Institutional equities broker Decker & Co estimates that around $1.5 billion worth of private placement deals will take place in Indonesia, with companies in the consumer sector leading the offerings.
So far this year, the value of completed transactions is at approximately $500 million, with about six to nine more deals expected to close by year-end. Decker & Co president director Mark Decker believes that robust consumer base and growing middle class in Indonesia helps consumer firms strengthen their performances.
In his interaction with DEALSTREETASIA, he said, “Consumer companies are best positioned to benefit from the improving business environment being fostered by the current regime. Investors looking for the highest-quality companies in the market are going to naturally gravitate toward the Consumer sector, and thus you’ll see more deals getting done with those companies.”
Improved economy, better financial performances
Experts believe that consumer goods remains the king among Indonesian sectors, riding on the back of improving economy and the people’s increasing purchasing power. In Indonesia, household consumption takes up about 55 per cent of total economic growth.
Up until August, consumer goods stocks have been leading the performance of the Jakarta Composite Index (JCI). Its index has risen the highest at 2,418.11 of all indices and has been moving upward since 2008, data from the IDX show.
Companies that operate in the sector – especially food producers – have been reporting rising sales and profits, a fast recovery from the sluggish performances last year.
Salim Group’s Indofood reported a 4.4 per cent increase in sales year-on-year to Rp 34.08 trillion (US$2.6 billion) for the January to June period, supported by sales growth of its Indomie instant noodles producer unit, Indofood CBP Sukses Makmur.
Meanwhile, profit grew by double digits at 29.4 per cent on an annual basis to Rp 2.2 trillion in the first half, contributed significantly to by Indofood CBP’s profits, which surged 11.76 percent annually to Rp 1.9 trillion.
Another consumer goods firm, Unilever Indonesia (UNVR) – the local arm of Anglo-Dutch consumer goods giant Unilever – posted a 10 per cent increase in sales to Rp 20.7 trillion in the first half this year. This growth was higher than the sales growth of 7.4 percent in the same period last year.
Thus, consumer goods companies remain in the spotlight for foreign investments, especially those that are done through private offerings. Decker said companies with lower-quality financials and prospects will not be able to tap capital markets via offerings.
“The most important point is that capital raising opportunities are currently limited to quality companies. There are many high-quality companies across the region in an excellent position to diversify their shareholder base by bringing on institutional investors such as U.S.-based mutual funds while also raising capital to support growth,” Decker added.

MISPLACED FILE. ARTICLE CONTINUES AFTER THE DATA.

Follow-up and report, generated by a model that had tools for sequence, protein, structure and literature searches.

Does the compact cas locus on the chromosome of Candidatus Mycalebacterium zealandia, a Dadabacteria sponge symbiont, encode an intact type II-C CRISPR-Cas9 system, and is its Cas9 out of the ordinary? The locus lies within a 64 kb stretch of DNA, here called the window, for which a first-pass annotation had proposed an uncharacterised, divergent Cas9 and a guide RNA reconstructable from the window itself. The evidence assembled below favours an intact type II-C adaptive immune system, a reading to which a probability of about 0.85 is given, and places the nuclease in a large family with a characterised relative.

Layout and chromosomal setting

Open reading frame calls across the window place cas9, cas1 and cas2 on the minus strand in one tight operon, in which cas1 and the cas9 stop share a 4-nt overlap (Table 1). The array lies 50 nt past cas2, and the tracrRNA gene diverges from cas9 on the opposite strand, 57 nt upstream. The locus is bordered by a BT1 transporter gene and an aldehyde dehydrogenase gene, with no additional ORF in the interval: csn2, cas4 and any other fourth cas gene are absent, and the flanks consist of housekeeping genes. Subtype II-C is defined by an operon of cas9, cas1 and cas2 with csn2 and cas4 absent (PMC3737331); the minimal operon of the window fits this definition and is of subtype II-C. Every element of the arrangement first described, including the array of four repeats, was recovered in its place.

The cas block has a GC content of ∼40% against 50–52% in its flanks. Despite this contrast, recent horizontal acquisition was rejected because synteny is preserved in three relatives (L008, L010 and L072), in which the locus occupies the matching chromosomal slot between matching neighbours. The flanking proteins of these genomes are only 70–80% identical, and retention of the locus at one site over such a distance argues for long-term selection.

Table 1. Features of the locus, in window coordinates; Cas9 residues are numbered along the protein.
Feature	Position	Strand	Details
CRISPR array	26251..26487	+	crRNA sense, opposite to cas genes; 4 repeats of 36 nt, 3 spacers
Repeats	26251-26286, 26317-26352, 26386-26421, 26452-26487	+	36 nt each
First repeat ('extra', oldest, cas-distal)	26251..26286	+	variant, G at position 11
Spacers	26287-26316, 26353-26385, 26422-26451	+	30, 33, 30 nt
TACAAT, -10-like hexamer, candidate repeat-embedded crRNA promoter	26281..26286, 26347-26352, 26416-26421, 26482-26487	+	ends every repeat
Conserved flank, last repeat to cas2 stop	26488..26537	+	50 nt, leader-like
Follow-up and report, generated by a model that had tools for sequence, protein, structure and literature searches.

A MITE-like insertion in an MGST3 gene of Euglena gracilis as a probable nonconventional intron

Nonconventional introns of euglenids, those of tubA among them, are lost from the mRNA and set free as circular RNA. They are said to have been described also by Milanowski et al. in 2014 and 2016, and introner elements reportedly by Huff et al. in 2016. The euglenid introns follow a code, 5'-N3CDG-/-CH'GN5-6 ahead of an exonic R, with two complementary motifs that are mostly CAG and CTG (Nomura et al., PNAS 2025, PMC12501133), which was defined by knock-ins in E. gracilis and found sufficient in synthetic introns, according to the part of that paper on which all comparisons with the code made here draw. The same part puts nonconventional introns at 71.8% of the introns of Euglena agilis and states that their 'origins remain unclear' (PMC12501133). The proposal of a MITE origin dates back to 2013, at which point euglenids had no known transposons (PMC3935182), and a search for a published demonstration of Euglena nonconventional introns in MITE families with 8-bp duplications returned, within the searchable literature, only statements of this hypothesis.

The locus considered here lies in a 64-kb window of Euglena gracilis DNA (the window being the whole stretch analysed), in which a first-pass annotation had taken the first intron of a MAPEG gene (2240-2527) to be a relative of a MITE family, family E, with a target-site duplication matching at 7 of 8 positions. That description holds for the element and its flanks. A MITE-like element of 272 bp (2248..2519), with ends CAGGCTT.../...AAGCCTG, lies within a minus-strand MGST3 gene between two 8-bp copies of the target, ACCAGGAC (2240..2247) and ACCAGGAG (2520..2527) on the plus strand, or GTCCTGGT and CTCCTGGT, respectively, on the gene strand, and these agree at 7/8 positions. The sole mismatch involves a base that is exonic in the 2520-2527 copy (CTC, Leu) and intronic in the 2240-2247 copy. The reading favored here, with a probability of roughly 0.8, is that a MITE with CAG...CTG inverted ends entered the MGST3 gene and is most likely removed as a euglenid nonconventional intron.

Recently, Decker and his company led the private placement deal of beverage producer PT Ultrajaya Milk Industry Trading Company Tbk (ULTJ), who sold 197 million shares at Rp 4,000 ($0.30) apiece, raising $60 million.
Ultrajaya aims to grow its net profit by 33.8 per cent this year to Rp 700 billion ($53.2 million) after posting Rp 523 billion in profits last year thanks to increased demand for its bottled tea Teh Kotak and milk brand Ultra Milk. Meanwhile, revenues are expected to increase 10 to 15 per cent to between Rp 4.83 trillion and Rp 5.05 trillion.
More local coverage required,increasing US interest
In terms of challenges, Decker said that lack of liquidity and lack of coverage have been the main hurdles for investors. Ultimately, he explained, investor interest is generated by accurate views into what’s happening on the ground in Asia.
“So boots-on-the-ground coverage is essential to generating investor interest in the region generally, as well as private placement deals specifically. And our model gives investors a one-stop-shop for the best local coverage, rather than relying on views from larger, foreign brokerage houses,” he said.
Many global funds have been substantially underweight Southeast Asia. On top of that, research coverage is low and the level of analyst sell recommendations is high. “But companies in Southeast Asia, including Indonesia, aren’t standing still. Neither is progress toward regional trade agreements, which we expect to support a coming ASEAN export boom,” said Decker.
A growing number of Indonesian companies are turning to US investors when selling stakes, especially after the relaxation of US regulations around private placement deals, Decker forec.
The relaxation has helped make a difference compared to ten years ago, when Asian companies with deals under $250 million stopped coming to the US because they could get their capital needs met more simply and efficiently in alternative places, such as Hong Kong and Singapore.
“Now, there’s no question that regulatory moves in the U.S. will increase the flow of smaller deals coming to the US… management teams in ASEAN are seeing what’s happening and expressing increased interest in getting deals done with U.S. investors,” said Decker.